Growth hormone deficiency is a disorder that results in short stature, growth retardation and physical maturation delays. What follows is an overview of the symptoms, causes, treatments and more.

Growth Hormone Deficiency in Children

Attached to the hypothalamus near the base of the brain is the pituitary gland. It’s about the size of a pea and the body’s master gland. 

The pituitary gland produces a variety of hormones, including the growth hormone. Damage or abnormality in the growth hormone can create deficiencies, especially in children whose bodies are still in the development process. 

Growth hormone is critical to childhood growth. It also helps to regulate body composition, muscle and bone growth, sugar metabolism, and possibly cardiovascular health.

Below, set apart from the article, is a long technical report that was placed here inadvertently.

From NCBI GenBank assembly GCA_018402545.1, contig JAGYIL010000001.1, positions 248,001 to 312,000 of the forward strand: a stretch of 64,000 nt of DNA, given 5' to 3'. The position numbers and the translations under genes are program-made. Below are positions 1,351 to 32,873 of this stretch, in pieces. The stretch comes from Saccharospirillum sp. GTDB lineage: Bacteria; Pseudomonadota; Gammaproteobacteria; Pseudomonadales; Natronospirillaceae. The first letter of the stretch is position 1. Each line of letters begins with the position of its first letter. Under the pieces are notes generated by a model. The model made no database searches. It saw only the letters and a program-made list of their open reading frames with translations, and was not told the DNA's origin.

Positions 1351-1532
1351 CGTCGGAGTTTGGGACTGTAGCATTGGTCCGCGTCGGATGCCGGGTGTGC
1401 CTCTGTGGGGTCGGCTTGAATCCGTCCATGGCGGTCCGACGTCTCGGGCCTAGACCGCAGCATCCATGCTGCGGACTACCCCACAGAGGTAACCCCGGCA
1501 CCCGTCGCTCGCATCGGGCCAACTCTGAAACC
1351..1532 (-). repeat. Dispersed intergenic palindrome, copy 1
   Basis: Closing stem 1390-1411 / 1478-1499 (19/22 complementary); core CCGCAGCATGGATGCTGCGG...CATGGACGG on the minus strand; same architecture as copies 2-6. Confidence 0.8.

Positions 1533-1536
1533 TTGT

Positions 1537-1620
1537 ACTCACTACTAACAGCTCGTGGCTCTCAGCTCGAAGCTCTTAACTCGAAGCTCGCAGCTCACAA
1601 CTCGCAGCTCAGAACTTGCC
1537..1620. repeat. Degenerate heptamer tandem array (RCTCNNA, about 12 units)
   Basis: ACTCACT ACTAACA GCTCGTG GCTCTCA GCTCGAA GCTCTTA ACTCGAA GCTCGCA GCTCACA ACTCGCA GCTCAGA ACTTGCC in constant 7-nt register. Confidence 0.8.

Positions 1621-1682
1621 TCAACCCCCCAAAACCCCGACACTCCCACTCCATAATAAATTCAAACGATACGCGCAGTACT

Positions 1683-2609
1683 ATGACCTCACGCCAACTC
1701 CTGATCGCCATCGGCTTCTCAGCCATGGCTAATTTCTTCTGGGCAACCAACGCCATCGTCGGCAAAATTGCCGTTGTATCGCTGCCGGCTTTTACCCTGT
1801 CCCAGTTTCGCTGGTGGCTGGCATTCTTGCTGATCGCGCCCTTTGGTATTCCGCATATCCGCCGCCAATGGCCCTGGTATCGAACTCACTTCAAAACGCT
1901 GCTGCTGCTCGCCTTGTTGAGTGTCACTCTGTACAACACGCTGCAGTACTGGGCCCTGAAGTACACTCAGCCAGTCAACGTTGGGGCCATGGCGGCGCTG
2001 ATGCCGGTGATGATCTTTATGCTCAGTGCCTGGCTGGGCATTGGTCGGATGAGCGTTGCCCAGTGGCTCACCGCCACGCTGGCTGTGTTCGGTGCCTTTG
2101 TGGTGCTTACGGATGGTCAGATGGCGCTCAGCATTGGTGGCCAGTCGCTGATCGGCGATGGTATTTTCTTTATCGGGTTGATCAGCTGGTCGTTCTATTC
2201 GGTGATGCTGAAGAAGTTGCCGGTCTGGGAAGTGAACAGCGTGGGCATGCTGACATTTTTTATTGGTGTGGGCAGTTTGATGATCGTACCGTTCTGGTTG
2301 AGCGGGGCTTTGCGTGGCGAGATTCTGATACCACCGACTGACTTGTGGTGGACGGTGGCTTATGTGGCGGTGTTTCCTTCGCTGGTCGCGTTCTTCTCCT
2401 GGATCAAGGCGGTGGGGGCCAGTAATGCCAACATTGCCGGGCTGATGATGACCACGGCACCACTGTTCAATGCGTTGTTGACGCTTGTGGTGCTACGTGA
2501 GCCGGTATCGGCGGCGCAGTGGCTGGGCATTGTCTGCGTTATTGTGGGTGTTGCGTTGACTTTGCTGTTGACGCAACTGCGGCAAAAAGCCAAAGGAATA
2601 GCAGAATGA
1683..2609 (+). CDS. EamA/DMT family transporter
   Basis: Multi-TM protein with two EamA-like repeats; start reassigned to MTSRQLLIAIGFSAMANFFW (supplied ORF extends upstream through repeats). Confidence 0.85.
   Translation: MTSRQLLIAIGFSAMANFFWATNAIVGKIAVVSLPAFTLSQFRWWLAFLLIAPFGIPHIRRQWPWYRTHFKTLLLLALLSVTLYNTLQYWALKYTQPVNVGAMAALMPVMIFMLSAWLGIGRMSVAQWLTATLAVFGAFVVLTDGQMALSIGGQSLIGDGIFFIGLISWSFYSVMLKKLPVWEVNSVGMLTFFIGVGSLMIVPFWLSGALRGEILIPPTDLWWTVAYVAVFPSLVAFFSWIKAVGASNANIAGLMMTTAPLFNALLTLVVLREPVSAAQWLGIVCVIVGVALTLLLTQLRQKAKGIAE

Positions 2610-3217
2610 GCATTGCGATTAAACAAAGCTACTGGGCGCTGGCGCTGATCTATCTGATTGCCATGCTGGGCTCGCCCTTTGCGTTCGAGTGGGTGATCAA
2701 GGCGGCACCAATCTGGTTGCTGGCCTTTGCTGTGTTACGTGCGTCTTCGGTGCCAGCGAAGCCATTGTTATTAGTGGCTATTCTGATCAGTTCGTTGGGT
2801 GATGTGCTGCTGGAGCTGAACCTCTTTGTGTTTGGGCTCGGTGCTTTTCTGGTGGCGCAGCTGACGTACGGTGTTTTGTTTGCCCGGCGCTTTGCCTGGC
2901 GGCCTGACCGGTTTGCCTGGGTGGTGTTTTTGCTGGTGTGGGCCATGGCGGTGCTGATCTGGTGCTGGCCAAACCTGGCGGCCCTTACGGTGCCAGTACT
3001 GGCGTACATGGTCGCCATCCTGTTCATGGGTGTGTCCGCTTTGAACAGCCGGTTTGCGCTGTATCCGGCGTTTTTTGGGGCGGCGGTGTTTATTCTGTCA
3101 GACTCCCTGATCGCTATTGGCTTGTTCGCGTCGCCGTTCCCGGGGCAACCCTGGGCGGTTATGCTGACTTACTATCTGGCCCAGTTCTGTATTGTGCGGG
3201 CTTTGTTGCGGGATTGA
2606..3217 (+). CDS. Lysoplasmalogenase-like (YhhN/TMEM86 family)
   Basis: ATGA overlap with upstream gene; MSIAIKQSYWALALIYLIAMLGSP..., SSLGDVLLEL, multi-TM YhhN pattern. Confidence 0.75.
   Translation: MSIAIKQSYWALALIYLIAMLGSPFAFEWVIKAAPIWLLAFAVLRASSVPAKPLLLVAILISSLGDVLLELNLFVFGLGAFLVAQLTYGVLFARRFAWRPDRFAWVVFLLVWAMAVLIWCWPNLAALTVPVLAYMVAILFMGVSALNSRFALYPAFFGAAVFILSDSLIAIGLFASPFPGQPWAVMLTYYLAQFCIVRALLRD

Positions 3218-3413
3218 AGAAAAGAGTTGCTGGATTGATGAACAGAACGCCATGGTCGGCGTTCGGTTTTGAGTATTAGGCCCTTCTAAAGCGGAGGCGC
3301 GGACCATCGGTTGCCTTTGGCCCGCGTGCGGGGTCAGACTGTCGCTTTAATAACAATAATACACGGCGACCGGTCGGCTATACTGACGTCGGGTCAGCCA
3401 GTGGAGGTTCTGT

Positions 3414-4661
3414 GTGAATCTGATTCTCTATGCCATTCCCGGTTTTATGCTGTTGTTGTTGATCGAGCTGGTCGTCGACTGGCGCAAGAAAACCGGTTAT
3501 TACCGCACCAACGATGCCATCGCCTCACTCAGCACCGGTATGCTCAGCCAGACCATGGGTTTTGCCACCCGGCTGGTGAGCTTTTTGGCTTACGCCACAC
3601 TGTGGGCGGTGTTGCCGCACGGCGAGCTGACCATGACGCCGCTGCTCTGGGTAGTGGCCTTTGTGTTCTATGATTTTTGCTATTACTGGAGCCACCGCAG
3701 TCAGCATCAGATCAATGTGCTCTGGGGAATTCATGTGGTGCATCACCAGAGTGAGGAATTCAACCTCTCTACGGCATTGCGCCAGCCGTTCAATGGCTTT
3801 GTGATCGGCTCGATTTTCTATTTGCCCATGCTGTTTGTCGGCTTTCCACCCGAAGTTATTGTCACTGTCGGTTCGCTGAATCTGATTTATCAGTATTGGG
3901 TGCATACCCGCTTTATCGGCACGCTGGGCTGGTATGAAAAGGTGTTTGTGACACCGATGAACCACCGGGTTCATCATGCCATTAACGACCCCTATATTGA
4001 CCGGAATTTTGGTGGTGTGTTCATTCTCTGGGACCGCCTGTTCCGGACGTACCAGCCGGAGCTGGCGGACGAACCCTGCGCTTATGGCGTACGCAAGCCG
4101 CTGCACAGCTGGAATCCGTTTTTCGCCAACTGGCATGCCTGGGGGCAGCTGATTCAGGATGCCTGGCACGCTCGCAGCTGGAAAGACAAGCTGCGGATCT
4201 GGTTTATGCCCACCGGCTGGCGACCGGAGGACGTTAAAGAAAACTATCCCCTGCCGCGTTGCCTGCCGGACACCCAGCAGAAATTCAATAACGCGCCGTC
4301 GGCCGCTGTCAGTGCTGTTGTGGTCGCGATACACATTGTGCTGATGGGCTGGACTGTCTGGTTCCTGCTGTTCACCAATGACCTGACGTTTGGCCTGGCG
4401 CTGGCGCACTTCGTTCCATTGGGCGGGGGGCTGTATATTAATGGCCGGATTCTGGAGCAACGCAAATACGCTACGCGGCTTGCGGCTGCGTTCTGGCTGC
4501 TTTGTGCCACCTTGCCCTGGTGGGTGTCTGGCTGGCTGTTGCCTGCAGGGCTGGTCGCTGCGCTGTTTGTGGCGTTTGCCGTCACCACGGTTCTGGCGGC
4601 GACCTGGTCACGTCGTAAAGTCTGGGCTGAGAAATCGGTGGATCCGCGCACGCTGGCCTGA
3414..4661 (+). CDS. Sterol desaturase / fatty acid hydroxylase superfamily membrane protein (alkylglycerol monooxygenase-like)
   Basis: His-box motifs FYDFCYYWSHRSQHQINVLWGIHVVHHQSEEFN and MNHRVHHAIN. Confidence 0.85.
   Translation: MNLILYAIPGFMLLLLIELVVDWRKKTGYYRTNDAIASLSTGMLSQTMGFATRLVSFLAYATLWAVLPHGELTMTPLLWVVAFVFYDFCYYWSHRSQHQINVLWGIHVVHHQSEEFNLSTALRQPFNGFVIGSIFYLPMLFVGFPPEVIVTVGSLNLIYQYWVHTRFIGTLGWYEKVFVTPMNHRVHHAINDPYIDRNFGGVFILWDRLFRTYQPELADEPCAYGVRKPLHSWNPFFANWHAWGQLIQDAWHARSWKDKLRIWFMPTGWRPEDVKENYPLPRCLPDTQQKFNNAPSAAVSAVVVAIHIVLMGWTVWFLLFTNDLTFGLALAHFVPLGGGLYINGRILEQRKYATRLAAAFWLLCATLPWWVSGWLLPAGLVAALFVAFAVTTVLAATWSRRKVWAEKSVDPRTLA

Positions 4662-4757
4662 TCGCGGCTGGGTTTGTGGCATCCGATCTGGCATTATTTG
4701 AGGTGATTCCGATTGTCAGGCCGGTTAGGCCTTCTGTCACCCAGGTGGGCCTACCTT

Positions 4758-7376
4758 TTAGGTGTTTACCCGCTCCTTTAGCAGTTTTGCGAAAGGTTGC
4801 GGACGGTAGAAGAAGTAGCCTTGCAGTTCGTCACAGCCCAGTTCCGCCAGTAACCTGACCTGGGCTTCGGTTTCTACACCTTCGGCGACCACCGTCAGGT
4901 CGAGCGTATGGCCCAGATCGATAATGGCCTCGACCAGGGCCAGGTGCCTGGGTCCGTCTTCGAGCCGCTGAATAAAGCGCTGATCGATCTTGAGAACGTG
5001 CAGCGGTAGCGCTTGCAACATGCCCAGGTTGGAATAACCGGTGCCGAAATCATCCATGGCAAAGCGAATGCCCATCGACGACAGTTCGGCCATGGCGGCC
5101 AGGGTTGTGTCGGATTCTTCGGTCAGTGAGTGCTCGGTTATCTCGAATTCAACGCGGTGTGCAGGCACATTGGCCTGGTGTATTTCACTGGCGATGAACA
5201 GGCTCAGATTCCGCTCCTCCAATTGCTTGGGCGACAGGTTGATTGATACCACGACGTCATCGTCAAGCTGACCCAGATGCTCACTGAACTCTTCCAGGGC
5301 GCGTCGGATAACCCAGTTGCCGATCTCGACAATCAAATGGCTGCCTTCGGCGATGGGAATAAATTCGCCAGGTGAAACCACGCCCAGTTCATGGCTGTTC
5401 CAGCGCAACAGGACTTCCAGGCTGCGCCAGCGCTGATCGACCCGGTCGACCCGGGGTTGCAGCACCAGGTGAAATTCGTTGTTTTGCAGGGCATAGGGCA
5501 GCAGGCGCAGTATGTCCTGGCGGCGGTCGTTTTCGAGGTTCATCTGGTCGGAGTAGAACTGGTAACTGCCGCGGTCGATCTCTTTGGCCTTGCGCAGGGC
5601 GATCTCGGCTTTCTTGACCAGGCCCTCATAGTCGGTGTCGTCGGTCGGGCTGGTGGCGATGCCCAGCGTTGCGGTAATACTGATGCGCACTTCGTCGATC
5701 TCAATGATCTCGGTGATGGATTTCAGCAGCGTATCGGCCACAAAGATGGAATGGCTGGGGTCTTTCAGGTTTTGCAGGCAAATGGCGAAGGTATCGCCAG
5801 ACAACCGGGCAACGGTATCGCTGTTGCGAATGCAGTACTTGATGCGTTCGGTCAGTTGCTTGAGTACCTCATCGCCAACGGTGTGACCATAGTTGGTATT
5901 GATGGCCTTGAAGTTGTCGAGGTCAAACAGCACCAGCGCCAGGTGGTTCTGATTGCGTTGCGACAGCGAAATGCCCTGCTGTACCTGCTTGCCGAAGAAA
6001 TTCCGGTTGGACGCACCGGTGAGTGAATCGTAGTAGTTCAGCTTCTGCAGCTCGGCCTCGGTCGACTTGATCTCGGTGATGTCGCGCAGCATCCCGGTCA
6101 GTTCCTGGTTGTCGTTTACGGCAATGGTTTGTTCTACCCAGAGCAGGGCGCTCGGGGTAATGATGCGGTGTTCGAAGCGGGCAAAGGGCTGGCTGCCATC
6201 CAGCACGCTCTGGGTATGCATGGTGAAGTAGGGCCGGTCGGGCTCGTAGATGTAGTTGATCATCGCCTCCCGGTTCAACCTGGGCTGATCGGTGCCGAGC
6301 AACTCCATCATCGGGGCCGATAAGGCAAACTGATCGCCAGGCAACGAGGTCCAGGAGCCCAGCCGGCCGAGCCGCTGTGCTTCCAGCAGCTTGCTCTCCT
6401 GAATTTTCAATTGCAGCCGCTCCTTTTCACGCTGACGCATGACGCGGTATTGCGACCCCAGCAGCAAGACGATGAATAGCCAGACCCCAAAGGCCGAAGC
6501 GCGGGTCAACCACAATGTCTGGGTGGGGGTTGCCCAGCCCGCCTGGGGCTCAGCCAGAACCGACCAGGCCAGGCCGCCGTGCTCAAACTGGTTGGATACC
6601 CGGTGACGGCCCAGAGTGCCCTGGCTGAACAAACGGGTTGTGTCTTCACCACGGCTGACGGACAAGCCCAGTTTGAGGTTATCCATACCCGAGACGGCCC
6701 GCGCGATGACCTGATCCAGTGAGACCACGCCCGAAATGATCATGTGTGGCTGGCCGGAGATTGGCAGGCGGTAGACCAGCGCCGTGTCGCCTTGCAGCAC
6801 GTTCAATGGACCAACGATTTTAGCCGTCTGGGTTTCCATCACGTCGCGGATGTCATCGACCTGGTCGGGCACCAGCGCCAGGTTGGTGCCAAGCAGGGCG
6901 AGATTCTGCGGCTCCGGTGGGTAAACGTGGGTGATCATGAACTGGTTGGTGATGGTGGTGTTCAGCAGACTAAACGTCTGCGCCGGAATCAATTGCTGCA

Under normal circumstances, here is how much a child should grow::

  • 0–12 months: about 10 inches in growth
  • 1–2 years: about 5 inches a year
  • 2–3 years: about 3 1/2 inches a year
  • 3 years to puberty: about 2 to 2 1/2 inches a year
  • puberty: 3 to 5 inches a year

If children fall below the third percentile in the “normal” height for children at a specific age, they’re considered at risk for growth hormone deficiency. If your child is not growing at a normal rate, ask your pediatrician if you should be referred to an endocrinologist to evaluate their growth.

Damage in the pituitary gland or the hypothalamus can occur before or after birth. But there are cases where the deficiency is idiopathic (not known).